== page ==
Why Does Idiosyncratic Risk Increase with Market Risk?

50 Pages Posted: 30 Jun 2016 Last revised: 4 Mar 2017

See all articles by Söhnke M. Bartram

Söhnke M. Bartram

Warwick Business School - Department of Finance

Gregory W. Brown

University of North Carolina (UNC) at Chapel Hill - Finance Area

René M. Stulz

Ohio State University (OSU) - Department of Finance; National Bureau of Economic Research (NBER); European Corporate Governance Institute (ECGI)

Multiple version iconThere are 4 versions of this paper

Date Written: January 1, 2017

Abstract

From 1963 through 2015, idiosyncratic risk (IR) is high when market risk (MR) is high. We show that the positive relation between IR and MR is highly stable through time and is robust across ex-changes, firm size, liquidity, and market-to-book groupings. Though stock liquidity affects the strength of the relation, it is strong for the most liquid stocks. The relation has roots in fundamentals. Higher market risk predicts greater idiosyncratic earnings volatility as well as dispersion and errors in analysts’ earnings forecasts. Firm characteristics related to the ability of firms to adjust to higher uncertainty help explain the strength of the relation. We find evidence that the relation is weaker for firms with more growth options, which is consistent with the view that such options provide a hedge against macroeconomic uncertainty.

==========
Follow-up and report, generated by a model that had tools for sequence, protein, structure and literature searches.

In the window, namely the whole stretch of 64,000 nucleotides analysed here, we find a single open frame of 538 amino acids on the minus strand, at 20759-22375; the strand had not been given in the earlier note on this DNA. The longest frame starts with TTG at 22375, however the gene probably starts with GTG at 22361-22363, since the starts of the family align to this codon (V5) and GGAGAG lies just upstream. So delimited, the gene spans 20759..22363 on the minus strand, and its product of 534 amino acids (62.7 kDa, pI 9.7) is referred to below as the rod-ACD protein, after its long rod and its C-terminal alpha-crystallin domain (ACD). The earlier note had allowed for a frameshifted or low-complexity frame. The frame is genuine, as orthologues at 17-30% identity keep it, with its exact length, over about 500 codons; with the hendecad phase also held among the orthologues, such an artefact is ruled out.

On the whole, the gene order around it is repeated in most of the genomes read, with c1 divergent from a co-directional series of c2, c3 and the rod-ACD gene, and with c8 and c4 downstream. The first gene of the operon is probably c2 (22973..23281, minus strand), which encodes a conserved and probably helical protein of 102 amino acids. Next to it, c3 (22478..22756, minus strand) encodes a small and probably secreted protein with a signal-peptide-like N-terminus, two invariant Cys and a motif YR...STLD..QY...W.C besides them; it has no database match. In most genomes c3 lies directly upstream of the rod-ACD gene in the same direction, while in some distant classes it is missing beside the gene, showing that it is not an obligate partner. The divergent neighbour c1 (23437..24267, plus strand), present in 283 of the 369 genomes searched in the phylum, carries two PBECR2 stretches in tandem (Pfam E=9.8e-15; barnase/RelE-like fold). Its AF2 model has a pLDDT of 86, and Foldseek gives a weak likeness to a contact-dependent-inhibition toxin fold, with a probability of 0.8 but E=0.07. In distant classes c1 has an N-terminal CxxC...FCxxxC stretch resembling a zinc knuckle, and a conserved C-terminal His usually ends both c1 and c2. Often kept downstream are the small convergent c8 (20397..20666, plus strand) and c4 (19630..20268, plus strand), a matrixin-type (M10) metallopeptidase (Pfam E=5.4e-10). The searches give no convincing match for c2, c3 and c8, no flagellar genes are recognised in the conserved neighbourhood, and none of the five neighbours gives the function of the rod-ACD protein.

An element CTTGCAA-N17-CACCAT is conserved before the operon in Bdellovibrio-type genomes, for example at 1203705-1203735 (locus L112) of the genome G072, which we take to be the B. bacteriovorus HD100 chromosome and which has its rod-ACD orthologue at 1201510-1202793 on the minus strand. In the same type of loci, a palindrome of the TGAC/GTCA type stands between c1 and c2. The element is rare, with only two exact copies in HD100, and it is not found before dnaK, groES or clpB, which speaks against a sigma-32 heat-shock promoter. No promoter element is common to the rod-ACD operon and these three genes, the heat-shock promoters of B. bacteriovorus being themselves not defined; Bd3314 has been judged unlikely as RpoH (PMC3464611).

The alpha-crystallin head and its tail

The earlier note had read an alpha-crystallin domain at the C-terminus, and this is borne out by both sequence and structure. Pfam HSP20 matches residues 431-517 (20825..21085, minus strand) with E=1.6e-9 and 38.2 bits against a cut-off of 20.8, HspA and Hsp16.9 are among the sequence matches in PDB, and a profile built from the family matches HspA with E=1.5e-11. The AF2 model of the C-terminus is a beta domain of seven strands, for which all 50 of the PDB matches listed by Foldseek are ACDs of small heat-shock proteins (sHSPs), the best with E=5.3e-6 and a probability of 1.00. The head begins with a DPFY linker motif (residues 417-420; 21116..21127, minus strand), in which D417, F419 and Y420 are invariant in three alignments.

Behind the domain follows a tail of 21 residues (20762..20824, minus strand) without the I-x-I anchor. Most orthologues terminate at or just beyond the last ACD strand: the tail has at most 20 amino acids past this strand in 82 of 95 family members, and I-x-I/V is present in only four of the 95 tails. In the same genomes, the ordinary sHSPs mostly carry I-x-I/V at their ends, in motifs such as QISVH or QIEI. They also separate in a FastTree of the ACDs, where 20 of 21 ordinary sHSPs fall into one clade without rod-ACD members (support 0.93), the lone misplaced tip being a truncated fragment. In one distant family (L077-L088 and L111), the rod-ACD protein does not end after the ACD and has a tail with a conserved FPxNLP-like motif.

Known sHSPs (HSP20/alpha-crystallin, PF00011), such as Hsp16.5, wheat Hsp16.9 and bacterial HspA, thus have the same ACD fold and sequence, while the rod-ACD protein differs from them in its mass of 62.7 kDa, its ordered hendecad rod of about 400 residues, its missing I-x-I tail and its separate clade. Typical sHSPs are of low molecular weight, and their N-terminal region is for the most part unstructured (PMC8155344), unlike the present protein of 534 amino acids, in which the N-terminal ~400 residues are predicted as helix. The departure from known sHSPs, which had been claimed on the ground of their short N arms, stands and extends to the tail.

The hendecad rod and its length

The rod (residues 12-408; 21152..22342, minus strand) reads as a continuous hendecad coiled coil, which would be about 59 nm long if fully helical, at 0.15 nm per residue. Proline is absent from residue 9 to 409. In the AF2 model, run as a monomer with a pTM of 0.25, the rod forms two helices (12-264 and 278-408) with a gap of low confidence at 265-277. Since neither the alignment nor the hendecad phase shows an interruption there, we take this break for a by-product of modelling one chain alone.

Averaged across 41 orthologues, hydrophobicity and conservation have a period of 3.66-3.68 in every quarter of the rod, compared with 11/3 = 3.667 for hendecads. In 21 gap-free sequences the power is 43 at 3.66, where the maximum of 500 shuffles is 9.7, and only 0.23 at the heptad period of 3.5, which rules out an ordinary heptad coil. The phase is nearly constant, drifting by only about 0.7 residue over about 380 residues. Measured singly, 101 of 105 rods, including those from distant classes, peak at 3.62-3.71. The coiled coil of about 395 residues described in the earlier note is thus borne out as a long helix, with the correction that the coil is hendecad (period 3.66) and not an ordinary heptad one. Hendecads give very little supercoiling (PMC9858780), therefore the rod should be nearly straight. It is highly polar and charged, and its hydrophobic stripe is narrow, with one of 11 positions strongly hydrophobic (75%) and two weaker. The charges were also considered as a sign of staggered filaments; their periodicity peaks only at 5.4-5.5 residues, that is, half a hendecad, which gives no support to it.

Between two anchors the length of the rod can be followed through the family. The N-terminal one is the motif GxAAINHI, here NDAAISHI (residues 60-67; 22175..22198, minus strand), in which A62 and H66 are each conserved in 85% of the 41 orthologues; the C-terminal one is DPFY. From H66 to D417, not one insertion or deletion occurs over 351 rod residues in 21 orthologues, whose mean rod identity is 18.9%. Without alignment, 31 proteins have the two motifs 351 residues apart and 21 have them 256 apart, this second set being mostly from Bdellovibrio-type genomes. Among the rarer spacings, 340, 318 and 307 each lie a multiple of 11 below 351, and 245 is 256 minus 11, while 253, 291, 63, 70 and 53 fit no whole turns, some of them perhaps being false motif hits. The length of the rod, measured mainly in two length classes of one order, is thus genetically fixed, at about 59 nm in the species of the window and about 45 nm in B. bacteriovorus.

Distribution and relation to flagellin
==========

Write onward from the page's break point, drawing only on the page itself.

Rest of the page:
Keywords: Uncertainty, idiosyncratic risk, market risk, growth options, liquidity, limits to arbitrage

JEL Classification: G10, G11, G12

Suggested Citation

Bartram, Söhnke M. and Brown, Gregory W. and Stulz, Rene M., Why Does Idiosyncratic Risk Increase with Market Risk? (January 1, 2017). Available at SSRN: https://ssrn.com/abstract=2802486 or http://dx.doi.org/10.2139/ssrn.2802486

Söhnke M. Bartram (Contact Author)

Warwick Business School - Department of Finance ( email )

Coventry, CV4 7AL
United Kingdom
+44 (24) 7657 4168 (Phone)
+1 425 952 1070 (Fax)

HOME PAGE: http://go.warwick.ac.uk/sbartram/

Gregory W. Brown

University of North Carolina (UNC) at Chapel Hill - Finance Area ( email )

Kenan-Flagler Business School
Chapel Hill, NC 27599-3490
United States

Rene M. Stulz

Ohio State University (OSU) - Department of Finance ( email )

2100 Neil Avenue
Columbus, OH 43210-1144
United States

HOME PAGE: http://www.cob.ohio-state.edu/fin/faculty/stulz

National Bureau of Economic Research (NBER)

1050 Massachusetts Avenue
Cambridge, MA 02138
United States

European Corporate Governance Institute (ECGI)

c/o ECARES ULB CP 114
B-1050 Brussels
Belgium

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